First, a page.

Multilabel classification targets the prediction of multiple interdependent and nonexclusive binary target variables. Transformationbased algorithms transform the data set such that regular singlelabel algorithms can be applied to the problem. A special type of transformationbased classifiers are label compression methods, that compress the labels and then mostly use single label classifiers to predict the compressed labels.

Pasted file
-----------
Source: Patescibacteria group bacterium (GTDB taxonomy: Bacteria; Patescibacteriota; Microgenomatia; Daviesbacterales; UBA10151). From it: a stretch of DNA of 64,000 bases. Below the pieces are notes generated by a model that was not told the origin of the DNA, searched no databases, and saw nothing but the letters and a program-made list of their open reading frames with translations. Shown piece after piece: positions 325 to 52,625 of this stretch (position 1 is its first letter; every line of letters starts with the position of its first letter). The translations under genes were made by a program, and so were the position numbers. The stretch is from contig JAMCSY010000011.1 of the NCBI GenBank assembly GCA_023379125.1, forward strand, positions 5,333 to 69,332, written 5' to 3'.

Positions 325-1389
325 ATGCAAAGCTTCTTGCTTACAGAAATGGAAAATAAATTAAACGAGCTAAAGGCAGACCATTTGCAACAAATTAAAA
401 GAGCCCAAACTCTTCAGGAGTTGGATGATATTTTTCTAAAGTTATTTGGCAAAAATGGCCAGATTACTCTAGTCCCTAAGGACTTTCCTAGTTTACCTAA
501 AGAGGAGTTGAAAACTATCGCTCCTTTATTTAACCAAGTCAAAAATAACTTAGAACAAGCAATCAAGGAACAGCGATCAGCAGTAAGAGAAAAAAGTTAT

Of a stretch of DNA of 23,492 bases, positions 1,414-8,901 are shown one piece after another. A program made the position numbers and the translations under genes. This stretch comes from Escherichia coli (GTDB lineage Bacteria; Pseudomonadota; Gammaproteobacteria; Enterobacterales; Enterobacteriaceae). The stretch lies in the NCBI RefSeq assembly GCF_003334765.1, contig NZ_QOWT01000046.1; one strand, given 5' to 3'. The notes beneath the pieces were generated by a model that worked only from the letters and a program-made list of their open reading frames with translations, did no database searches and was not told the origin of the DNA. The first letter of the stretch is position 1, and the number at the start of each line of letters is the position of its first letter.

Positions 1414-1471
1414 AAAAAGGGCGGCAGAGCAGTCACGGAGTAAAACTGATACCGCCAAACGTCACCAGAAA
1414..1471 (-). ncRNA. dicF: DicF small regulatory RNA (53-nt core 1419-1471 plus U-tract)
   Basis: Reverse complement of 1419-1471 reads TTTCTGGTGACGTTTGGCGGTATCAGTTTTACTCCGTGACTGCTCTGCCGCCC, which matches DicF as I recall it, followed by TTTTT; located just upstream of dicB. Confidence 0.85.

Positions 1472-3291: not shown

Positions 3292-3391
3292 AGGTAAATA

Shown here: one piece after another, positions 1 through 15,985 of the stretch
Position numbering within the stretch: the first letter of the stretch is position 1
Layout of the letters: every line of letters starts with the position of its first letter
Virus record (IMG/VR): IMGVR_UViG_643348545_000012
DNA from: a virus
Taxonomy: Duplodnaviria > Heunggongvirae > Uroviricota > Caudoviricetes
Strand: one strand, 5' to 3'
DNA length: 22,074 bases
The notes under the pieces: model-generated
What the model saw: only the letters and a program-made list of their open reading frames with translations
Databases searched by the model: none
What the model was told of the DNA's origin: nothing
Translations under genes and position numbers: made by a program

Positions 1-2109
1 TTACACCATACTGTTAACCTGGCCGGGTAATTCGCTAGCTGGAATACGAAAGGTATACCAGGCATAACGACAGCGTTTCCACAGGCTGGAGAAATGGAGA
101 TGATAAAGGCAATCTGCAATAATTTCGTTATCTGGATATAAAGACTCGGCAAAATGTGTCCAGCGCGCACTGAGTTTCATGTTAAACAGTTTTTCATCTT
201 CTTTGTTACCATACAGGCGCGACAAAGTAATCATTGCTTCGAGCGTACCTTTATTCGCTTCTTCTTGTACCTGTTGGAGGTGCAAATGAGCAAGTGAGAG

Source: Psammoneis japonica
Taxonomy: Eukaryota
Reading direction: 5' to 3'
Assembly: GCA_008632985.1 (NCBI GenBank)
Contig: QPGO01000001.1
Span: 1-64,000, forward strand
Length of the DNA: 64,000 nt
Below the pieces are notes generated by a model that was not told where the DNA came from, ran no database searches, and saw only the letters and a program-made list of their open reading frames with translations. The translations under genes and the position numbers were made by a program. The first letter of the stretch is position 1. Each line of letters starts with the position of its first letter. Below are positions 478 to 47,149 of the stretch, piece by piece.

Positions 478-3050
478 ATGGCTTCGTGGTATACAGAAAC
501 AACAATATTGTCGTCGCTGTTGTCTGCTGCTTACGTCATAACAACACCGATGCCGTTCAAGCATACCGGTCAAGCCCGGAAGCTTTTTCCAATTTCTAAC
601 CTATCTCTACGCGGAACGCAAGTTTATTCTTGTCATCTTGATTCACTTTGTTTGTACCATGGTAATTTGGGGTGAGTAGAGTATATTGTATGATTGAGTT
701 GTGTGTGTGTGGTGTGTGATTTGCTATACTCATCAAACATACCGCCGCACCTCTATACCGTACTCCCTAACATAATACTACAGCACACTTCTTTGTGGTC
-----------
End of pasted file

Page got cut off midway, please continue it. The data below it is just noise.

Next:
2017